From 23 February 2018, an LPA will be able to grant itself planning permission and sell the relevant land with the benefit of that planning permission. This small statutory change has the potential to significantly bolster LPAs’ role in facilitating development and ensuring that it is comprehensively planned.
The Town and Country Planning General (Amendment) (England) 2018 (the Amending Regulations) will remove Regulation 9 from Town and Country Planning General Regulations 1992 (the 1992 Regulations), with the effect that planning permissions granted by LPAs to themselves will now run with the land.
Currently, Regulation 9 provides that a planning permission (where applied for by an LPA on its own land) will be personal to the LPA and where applied for jointly, only for the benefit of LPA and the named applicant. This has severely impeded the ability of an LPA, having secured planning permission to then sell the land on with the benefit of that planning permission. This has had cost implications requiring more complex land structures to be put in place before applications for development proposals could be made.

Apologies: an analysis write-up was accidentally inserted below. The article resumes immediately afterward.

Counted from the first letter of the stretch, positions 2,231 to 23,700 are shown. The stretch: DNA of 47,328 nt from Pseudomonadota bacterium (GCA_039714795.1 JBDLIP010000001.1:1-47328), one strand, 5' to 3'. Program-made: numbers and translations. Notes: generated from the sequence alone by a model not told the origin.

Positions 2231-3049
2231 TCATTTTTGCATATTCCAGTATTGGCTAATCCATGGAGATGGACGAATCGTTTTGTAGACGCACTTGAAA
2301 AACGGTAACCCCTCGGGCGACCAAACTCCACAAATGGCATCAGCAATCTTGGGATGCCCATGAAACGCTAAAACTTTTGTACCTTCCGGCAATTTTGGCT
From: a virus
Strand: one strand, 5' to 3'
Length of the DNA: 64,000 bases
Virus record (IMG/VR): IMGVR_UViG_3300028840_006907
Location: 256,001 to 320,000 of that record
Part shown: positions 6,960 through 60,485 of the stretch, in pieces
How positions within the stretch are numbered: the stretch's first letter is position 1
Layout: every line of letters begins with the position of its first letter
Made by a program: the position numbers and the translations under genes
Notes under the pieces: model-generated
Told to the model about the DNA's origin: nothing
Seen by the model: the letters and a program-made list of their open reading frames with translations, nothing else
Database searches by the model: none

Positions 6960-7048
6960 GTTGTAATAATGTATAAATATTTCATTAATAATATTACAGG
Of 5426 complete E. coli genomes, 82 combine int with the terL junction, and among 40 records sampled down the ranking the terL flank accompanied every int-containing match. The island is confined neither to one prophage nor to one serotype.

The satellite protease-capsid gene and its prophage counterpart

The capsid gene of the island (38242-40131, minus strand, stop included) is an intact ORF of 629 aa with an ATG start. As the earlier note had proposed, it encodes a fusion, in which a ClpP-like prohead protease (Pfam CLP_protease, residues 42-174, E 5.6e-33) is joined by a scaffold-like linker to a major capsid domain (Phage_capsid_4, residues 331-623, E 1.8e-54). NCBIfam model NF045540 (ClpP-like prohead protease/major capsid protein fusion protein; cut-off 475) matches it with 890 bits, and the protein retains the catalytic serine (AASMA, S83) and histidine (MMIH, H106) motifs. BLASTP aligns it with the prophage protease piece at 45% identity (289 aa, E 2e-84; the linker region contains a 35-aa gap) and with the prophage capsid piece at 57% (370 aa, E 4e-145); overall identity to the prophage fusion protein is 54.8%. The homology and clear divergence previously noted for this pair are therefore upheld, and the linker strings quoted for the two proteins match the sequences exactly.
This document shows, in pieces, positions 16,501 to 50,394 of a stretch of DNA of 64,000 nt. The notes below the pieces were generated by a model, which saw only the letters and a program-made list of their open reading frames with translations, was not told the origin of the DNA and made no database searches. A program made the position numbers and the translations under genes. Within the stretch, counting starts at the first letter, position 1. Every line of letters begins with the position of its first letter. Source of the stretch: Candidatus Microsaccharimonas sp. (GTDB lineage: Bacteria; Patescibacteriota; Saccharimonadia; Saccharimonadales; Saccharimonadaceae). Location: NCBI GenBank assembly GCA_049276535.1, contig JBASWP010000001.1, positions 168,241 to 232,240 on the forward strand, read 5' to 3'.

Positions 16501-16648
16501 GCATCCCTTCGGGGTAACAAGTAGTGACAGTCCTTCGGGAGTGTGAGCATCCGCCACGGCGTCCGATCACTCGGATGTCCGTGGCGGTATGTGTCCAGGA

Oddly, the Regulations do not apply to any planning permissions granted before 23 February 2018. Given that future consents will run with the land it is strange that past consents have not been similarly “liberated”.
The removal of Regulation 9 was proposed in last year’s Housing White Paper on the basis that it will save time that developers would otherwise spend securing planning permission in relation to land which they purchase from LPAs.
It should achieve this. Now the Government needs to make sure that the best consideration requirements are changed so that land can be sold on for the best use for the area rather than just for the best price.